Monday, May 23, 2011

Continued real estate deflation making foreclosures unappealing to HOAs

HOAs file foreclosure notices “fairly regularly, but in 99% of the cases, the property is worth less than the underlying debt. Just because you get a house for $6,000 doesn’t mean you get a bargain on the home,” says Kurt De Meire, CEO of, a foreclosure processing company.

“This is why it’s rare that associations follow through with their own foreclosures,” he says. “They don’t want the burden of the senior debt.”
In fact, most associations don’t even bother starting the foreclosure process, he says. “It’s a waste of their money to pursue a property for unpaid dues.”

De Meire says sometimes homeowners associations foreclose, evict the residents, then decide not to keep the senior loan or loans current. But using a foreclosure notice as a tool to persuade a homeowner to pay fees or force them out, he says, costs HOAs “several thousand dollars.”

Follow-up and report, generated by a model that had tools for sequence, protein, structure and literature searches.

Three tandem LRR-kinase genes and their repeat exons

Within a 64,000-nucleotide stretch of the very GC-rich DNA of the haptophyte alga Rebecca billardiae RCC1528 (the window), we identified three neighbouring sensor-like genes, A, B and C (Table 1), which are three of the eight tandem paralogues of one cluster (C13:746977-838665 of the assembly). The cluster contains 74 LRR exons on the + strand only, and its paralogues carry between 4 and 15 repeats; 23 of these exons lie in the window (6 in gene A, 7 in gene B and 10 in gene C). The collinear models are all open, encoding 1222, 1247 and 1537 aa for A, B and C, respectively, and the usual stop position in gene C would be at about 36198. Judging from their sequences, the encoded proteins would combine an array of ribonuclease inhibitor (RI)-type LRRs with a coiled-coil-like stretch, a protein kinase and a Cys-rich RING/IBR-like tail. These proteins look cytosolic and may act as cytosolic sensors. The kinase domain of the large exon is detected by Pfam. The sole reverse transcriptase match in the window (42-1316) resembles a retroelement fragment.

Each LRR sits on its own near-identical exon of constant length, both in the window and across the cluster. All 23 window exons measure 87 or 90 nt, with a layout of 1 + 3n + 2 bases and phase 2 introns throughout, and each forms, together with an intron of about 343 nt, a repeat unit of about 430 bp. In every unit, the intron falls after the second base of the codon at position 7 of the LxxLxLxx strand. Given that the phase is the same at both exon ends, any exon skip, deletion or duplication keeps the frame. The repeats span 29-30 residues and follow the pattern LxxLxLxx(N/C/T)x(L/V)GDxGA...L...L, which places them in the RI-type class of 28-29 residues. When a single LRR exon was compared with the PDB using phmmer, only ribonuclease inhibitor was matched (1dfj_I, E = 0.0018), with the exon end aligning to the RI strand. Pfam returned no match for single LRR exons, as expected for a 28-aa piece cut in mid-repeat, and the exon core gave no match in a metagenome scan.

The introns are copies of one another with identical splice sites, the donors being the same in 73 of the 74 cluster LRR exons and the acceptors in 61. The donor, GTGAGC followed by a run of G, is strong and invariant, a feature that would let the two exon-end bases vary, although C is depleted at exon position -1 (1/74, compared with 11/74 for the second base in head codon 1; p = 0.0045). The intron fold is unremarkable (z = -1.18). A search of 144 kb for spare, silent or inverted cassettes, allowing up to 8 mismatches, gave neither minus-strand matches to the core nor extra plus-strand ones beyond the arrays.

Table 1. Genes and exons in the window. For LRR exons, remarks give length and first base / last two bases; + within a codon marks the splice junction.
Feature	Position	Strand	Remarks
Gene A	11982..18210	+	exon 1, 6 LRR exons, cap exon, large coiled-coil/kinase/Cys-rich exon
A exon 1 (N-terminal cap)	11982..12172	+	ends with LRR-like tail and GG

As residential real estate prices continue to deflate, foreclosure becomes an increasingly impractical means to recoup delinquent HOA assessments -- at least from the perspective of this foreclosure processing company head.


Anonymous said...

Can Evan comment on the Reverse Foreclosure process in Florida that doesn't put a stop to foreclosures? And what about HOAs foreclosing and taking the lot subject to the mortgage, and then renting?

Anonymous said...

The threat of foreclosure is mainly being used by the HOA management companies and HOA attorneys. If they can't threaten foreclosure, then they can't collect outrageous fees as they typically do in many states. It is not uncommon for the HOA attorney and management company to collude to collect $10,000 $15,000 to $25,000 over assessments of $300 to $700.

Anonymous said...

This article is bogus. First of all the HOA doesn't have the option of "deciding" to keep a senior loan current. These aren't assumable loans and certainly not at the whim of the HOA board or vendors. The HOA vendors frequently target homeowners with large amounts of equity (e.g., mortgage free homes).